I know Calvinists love Romans a lot, except for that 12th chapter thing. Ethics just gets in the way of everything. Here’s the apostle Paul, as recorded by his secretary, “Do not take revenge, my dear friends, but leave room for God’s wrath, for it is written: “It is mine to avenge; I will repay,”[a] says the Lord” (verse 19). Say it isn’t so! Pauline Christianity also means really trusting in YHWH’s justice rather than our own. Looks like Paul takes his cues from Judaism rather than pagan practices. The living, sacrificial love that Piper and NeoCalvinists completely get wrong is not about calling evil good, (warmongering, violence versus Muslims as a necessary evil to bring about “the Gory Glory of God,” but it is overcoming evil with good. It is engaging the defeated powers of death with the awesome, life-giving peacemaking of Christ Jesus. “If your enemy is hungry, feed him;
if he is thirsty, give him something to drink.
In doing this, you will heap burning coals on his head”

Well, now, that’s awkward. Seems like the apostle Paul is saying we are hoping for our enemies’ wellbeing.

Lastly, let us never forget that God does not die for His enemies (the ungodly as Romans 5:6 says) in Calvinism; since the Elect are predestined, they were chosen to be God’s friends since the beginning of time. So God in Christ cannot exhibit love for his enemies in the least, especially since the reprobate have not a chance in hell of getting into heaven (it’s been foreordained, folks!). Enemy-love as defined by Christ and the Good News gets redefined as worldly acts of needless retributive violence in PiperCalvinism.

God loves the righteous and the unrighteous. I mean, if Romans 3 is understood to be saying that we are all sinners, the logic of “love the sinner, hate the sin” turns on itself. I love myself but I also hate myself, and yet there is not one Bible passage that tells us that we lose the Image of God in us during or after “the Fall”? Even in the context of Matthew 5 (verse 22), Jesus condemns his followers if they rely on namecalling (distorting the Image of God in others)to the pit of Hell. Jesus seems pretty intent on us loving others, yes in a BENEVOLENT, HOPEFUL manner. It really shouldn’t come as a surprise that NeoCalvinists would prefer to affirm a god as hateful rather than any form of divine benevolence. They’ve held that error for well over five centuries, and they can keep it!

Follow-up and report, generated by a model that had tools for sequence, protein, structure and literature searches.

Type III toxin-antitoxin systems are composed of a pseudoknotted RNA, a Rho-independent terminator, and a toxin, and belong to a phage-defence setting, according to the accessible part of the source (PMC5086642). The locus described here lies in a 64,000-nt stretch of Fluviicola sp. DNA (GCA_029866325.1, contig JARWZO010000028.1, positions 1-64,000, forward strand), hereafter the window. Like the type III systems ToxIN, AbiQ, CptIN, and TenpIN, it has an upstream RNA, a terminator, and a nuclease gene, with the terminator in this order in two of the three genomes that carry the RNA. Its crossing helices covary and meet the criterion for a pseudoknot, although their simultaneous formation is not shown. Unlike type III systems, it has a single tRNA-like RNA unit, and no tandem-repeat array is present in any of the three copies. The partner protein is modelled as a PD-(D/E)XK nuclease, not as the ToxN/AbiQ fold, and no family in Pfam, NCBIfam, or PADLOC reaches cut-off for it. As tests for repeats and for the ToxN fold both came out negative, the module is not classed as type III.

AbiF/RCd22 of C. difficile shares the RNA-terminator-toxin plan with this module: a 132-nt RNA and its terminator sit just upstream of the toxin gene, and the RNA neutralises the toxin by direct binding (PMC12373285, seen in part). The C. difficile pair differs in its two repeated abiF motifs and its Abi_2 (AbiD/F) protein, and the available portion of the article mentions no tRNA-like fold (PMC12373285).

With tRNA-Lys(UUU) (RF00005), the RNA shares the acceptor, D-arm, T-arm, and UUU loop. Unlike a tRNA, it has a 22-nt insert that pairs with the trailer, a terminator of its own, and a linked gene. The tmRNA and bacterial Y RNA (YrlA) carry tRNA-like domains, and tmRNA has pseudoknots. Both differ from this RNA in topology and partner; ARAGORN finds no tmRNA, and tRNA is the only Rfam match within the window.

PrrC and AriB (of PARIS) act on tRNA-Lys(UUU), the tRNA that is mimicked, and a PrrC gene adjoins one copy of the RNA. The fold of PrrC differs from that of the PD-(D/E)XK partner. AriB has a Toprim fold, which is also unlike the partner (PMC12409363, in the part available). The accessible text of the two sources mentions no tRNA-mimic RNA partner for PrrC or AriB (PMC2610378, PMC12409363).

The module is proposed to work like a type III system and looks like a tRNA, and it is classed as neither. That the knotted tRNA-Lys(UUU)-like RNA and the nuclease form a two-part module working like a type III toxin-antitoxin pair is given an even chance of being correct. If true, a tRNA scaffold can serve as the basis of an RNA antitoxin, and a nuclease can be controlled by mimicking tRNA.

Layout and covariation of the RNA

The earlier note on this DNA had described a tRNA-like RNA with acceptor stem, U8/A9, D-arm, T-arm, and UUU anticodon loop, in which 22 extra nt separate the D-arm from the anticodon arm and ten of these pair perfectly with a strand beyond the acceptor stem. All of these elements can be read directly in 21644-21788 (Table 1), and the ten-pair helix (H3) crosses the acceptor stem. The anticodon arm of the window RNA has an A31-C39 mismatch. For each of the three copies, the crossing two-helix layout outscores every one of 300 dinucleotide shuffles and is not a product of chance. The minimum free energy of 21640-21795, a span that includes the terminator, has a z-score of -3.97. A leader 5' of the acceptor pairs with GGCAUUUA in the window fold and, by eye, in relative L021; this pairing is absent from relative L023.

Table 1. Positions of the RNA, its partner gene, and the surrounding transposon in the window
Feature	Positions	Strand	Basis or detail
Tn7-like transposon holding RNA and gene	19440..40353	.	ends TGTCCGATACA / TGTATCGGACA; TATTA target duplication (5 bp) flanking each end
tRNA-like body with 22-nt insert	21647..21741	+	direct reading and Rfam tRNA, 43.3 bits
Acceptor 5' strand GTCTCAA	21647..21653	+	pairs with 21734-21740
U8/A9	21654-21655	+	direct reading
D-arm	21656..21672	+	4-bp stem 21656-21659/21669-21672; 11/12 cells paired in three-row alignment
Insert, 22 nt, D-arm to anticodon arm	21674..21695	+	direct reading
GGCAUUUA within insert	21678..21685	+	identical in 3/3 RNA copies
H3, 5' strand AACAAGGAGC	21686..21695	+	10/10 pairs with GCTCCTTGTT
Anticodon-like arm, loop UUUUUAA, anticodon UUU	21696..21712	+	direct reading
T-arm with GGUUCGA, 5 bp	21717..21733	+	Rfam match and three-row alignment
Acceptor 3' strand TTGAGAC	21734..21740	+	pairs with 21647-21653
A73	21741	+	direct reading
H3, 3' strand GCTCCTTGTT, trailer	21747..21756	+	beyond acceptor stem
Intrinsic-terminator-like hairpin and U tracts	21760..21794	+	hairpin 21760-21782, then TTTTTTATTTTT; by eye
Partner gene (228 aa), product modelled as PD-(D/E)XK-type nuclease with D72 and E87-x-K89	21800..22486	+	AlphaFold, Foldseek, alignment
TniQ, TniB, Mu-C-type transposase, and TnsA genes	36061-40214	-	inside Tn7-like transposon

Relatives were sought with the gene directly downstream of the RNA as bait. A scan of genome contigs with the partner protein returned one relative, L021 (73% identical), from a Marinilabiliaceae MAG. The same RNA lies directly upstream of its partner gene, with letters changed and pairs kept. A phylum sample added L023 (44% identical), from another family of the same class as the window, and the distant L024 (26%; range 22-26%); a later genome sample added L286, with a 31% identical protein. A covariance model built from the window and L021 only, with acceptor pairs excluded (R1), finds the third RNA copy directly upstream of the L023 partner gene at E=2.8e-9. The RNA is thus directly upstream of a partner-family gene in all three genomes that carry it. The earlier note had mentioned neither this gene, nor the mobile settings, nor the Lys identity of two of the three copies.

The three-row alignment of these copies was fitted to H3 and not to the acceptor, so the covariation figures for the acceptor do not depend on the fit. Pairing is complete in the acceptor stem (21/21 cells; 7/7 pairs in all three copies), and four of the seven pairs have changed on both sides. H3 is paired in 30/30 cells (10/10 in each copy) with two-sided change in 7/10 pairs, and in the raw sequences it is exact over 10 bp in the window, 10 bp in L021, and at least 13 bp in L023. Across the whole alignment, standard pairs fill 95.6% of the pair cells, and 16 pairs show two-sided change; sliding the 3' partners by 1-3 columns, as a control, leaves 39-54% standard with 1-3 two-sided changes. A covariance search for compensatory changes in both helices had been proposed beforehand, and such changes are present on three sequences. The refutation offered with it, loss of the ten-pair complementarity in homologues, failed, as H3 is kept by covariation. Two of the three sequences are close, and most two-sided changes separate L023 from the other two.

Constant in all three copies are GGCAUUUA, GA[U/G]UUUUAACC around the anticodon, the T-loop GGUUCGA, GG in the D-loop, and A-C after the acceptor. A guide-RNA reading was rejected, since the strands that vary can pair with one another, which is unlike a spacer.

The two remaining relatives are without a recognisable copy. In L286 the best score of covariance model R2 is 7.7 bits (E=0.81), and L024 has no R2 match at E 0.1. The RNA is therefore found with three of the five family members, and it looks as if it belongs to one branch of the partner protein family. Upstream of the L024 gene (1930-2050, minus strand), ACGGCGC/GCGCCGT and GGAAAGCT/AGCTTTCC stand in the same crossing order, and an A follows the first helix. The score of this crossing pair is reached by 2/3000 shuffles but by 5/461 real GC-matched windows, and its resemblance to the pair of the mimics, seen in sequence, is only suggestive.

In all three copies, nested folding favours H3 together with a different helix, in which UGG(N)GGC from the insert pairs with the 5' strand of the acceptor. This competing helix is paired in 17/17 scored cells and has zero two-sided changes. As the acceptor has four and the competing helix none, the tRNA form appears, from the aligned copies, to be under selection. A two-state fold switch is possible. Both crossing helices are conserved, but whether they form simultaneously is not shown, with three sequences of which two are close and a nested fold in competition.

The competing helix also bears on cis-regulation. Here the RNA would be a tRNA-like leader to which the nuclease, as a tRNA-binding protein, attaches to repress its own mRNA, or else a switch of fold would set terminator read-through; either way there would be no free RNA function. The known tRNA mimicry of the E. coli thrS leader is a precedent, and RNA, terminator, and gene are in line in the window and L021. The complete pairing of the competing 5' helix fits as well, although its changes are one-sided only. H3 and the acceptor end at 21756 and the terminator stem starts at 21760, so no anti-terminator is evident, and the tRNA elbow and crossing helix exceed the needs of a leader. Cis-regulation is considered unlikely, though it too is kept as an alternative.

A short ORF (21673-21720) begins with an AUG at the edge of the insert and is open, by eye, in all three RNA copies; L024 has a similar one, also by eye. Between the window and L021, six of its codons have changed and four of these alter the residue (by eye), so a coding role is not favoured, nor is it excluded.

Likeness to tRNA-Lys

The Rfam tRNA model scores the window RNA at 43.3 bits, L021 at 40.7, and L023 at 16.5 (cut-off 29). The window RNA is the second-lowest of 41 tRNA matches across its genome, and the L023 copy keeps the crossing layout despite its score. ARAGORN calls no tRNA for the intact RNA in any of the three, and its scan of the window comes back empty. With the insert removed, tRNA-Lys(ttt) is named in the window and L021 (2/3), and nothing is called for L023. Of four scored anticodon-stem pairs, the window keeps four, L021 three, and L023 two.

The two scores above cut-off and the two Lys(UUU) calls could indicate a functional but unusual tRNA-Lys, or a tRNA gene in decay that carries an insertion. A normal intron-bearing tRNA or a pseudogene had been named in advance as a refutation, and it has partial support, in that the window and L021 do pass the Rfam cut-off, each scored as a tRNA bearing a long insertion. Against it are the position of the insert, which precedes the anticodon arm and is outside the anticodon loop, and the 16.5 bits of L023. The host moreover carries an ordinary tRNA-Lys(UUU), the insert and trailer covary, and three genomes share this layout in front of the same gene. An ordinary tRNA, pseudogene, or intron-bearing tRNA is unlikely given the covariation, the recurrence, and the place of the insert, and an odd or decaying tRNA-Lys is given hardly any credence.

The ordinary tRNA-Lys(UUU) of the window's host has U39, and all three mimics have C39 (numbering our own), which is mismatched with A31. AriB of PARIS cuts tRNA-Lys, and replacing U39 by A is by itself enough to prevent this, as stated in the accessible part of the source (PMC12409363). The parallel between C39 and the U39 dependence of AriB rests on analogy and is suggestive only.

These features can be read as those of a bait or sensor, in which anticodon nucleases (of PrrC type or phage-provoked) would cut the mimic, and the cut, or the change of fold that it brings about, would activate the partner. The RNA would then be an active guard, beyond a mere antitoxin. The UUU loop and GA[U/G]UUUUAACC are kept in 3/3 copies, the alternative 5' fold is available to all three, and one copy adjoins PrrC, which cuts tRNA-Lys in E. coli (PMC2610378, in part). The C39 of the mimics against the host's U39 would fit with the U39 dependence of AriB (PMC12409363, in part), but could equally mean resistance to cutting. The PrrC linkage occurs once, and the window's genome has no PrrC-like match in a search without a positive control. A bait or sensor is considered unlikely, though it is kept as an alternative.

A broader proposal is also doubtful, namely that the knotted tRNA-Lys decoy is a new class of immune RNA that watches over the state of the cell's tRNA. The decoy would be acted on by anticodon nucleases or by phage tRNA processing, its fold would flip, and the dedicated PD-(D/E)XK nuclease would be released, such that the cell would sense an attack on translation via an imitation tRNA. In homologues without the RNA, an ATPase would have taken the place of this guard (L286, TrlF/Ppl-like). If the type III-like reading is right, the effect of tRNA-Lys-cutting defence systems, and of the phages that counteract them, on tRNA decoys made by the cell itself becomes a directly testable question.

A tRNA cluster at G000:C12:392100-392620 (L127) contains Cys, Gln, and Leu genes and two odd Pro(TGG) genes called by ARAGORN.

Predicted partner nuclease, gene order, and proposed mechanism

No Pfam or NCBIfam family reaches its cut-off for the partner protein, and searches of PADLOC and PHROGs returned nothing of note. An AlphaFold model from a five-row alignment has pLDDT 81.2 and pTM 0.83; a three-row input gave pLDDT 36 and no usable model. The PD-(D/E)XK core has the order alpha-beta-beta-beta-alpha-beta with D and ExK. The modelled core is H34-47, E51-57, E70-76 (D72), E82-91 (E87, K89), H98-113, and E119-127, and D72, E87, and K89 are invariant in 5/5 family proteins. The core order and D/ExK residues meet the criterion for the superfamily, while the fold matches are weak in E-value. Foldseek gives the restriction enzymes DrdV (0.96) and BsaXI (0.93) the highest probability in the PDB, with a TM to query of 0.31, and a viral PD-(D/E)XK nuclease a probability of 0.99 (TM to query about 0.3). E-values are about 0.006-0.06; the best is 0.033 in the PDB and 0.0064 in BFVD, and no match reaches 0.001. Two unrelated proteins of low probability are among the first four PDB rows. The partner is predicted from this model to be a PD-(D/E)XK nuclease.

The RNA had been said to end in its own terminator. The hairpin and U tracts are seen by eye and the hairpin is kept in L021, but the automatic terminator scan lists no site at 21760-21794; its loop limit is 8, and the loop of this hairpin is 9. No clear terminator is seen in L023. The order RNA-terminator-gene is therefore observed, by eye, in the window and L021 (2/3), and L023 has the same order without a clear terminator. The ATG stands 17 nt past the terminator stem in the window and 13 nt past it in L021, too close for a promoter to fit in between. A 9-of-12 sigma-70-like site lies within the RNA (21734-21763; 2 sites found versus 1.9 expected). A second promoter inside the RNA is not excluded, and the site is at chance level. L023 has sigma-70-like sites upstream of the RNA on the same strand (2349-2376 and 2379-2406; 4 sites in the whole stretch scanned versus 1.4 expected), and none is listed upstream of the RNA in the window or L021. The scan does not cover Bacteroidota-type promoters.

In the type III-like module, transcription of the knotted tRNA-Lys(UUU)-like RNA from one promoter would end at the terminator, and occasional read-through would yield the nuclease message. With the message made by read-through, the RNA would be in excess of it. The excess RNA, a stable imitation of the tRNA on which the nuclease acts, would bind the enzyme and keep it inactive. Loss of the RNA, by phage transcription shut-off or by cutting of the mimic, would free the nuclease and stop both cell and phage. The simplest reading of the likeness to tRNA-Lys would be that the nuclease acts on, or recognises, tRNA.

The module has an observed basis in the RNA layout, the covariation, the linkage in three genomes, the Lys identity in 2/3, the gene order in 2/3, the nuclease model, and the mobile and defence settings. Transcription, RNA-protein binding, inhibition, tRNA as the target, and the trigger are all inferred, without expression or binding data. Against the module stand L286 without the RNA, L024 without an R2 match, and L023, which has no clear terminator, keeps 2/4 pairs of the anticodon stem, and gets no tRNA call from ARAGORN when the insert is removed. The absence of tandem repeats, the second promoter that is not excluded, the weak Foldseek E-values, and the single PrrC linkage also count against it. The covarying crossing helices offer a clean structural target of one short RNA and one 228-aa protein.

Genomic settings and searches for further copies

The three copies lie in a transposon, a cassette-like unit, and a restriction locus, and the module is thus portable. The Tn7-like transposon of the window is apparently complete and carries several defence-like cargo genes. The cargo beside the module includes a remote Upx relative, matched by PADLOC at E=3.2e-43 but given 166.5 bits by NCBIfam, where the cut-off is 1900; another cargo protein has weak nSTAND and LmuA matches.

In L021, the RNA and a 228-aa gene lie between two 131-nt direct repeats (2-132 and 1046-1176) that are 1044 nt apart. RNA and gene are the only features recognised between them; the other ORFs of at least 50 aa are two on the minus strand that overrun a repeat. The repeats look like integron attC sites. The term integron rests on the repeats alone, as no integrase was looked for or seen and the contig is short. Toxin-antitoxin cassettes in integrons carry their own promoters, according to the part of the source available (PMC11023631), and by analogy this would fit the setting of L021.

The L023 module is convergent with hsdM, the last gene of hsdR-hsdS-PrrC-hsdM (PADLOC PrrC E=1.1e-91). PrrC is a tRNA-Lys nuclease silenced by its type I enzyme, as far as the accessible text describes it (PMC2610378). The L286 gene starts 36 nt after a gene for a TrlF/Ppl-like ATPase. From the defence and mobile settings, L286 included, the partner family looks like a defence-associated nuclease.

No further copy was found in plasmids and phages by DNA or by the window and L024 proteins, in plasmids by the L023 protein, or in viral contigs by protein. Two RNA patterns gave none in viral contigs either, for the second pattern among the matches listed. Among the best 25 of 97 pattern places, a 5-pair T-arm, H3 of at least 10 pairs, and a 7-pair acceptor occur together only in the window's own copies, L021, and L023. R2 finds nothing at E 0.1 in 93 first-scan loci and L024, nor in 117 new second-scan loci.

2 free online events on race and Christianity #MennoNerds #AnaBlacktivism

There are two exciting conversations on race and Christianity I wanted to highlight.  First, my friends over at MennoNerds will be having a dialogue entitled, “MennoNerds on Race, Mutuality, and Anabaptist Community” on June 12th. 2014 at 6:30pm Central Standard Time. For more see the MennoNerds site, as well as participants such as my friends Drew Hart and Katelin Hansen. You can register for free at the following link: link here on Google plus: MennoNerds on Race

Secondly, to commemorate JuneTeenth, the blerdy scholar-activists at #AnaBlacktivist seminary have decided to host a Twitter Chat on Anti-Blackness, Liberation, and Shalom on June 19th [Time yet to Be Determined]. Please join us by following the hashtag: AnaBlacktivism

june19th